9. Laudianism and the Caroline Church

  • Created by: Alasdair
  • Created on: 27-05-19 16:05
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  • 9. Laudianism and the Caroline Church
    • 1. The Laudian Ascendancy
      • William Laud made Bishops of London 1628, Archbishop of Canterbury 1633
      • 1630s roughly covers period when Laud most influential
      • Also coincides with the 'Personal Rule' of Charles I (when king rules without a parliament, 1629-1640)
    • 2. Impact of Laudianism
      • A contested issue: anti-Laudianism often linked to Civil War
      • The result of unresolved tensions within the Church over past c. 70 years
      • Political implications of Laudianism
      • Archbishop Laud, not just religious leader, but a political one, right-hand man of Charles I
    • 3. Charles I
      • Comes to throne 1625
      • Younger son
        • Studious, shy, well-educated, in tune with artistic tastes of continent
      • Very much affected by divisive parliamentary politics of the last years of his father's reign, parliamentary puritanism and public criticism of James I
    • 4. Historians' views of Laudianism
      • Influential older views
        • Kevin Sharpe
          • moderate, conservative and popular
          • only opposed by radical puritans
        • Nicholas Tyacke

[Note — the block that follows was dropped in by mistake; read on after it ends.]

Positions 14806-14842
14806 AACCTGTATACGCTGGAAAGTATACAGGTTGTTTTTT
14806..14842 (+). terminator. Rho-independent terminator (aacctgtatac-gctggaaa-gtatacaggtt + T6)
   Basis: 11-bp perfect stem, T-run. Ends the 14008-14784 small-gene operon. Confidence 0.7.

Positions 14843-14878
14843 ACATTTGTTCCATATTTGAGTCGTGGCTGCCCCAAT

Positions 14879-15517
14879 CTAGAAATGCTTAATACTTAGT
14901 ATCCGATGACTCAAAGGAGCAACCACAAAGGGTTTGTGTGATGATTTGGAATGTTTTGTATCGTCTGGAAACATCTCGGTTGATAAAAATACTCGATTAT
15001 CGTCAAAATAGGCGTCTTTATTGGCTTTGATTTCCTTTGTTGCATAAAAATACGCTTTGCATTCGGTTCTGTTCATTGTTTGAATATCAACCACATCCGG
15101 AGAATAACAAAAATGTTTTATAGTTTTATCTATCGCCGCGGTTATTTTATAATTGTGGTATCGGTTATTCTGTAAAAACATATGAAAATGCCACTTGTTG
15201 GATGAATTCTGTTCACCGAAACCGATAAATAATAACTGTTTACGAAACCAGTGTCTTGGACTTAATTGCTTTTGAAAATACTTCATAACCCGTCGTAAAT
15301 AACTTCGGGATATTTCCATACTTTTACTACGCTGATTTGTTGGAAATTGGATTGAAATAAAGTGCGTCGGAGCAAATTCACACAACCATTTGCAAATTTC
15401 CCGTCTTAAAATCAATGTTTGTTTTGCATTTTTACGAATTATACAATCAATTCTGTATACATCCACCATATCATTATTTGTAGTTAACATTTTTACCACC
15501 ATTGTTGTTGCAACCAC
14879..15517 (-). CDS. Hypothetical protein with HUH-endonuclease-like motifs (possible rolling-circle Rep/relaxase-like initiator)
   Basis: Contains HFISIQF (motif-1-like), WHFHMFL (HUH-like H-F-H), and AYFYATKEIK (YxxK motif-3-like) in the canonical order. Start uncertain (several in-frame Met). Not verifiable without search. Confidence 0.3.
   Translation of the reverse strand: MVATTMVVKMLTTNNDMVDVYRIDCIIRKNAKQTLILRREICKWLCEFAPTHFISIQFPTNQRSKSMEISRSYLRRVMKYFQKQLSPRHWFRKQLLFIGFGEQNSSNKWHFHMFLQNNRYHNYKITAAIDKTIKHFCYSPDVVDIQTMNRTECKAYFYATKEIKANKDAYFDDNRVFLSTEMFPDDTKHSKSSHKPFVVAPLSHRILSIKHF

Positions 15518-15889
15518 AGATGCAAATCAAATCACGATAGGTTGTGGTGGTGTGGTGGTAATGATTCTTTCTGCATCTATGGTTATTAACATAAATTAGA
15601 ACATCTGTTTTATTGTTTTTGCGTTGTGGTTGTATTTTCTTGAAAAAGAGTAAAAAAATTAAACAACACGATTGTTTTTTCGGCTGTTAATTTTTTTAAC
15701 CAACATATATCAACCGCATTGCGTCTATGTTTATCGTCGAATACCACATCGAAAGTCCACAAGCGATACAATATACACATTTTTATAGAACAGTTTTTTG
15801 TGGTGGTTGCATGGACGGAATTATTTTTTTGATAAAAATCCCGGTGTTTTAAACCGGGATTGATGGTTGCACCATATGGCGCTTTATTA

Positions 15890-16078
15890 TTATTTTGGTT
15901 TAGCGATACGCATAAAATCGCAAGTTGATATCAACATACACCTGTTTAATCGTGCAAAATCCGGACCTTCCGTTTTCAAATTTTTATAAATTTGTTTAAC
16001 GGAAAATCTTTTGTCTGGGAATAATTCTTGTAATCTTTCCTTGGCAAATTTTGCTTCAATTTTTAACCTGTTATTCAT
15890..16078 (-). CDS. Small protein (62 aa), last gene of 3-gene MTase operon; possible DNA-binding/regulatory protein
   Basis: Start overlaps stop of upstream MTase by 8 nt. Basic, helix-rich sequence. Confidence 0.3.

• emphasis primarily on doctrinal aspects of Laudianism
      • Older approaches have generally modified by other historians and been newer research
        • Peter Lake
          • extreme, innovative and divisive
          • helping to radicalise moderate puritans
        • Most recent work by Milton, Lake, Foster and Fincham
          • Often stressing the overall package of the Laudian programme
    • 5. Tradition and Innovation in Laudianism?
      • One way of assessing Laudianism:
        • 5 key areas:
          • Stricter monitoring of clergy (puritans)
          • Altar policy of 1630s and church decoration
          • Imposition of Books of Sports
          • Restrictions on Preaching and lay activism
          • Restoring the status of the Church (and reigning in power of lay people)
    • 6. Stricter monitoring of clergy (puritans)
      • Clerical conformity
      • Ministers must subscribe to 3 Articles (accepting the Book of Common Prayer, among other things)
      • AND use of all ceremonies of Prayer Book, all of the time (so no occasional use, as under James I)
    • 7. Potentially divisive policy in parishes
      • Altar Policy of 1630s
        • a new policy
      • Required of all churches
      • Stress on the church chancel [location of communion table] as a special holy place
    • 8. Restoration of churches (1630s)
      • Restoration of churches, permitting more elaborate church decoration, e.g. painted stained glass
        • e.g. stained glass added to Peterhouse college chapel, Cambridge (c. 1628-32(
      • Sacred character of church, altar and by extension, clergy
        • e.g. Inigo Jones's extension to St Paul's cathedral
    • 9. Imposition of Book of Sports in parishes (1633)
      • Issue of Sabbatarianism
        • How you regulate what happens on a Sunday
      • Book of Sport specifically relaxes tight local regulation of Sabbath by puritans
      • All ministers required to read out from the pulpit
      • Festive culture
        • often criticised by puritans, with Laudians more open to their sociable purpose


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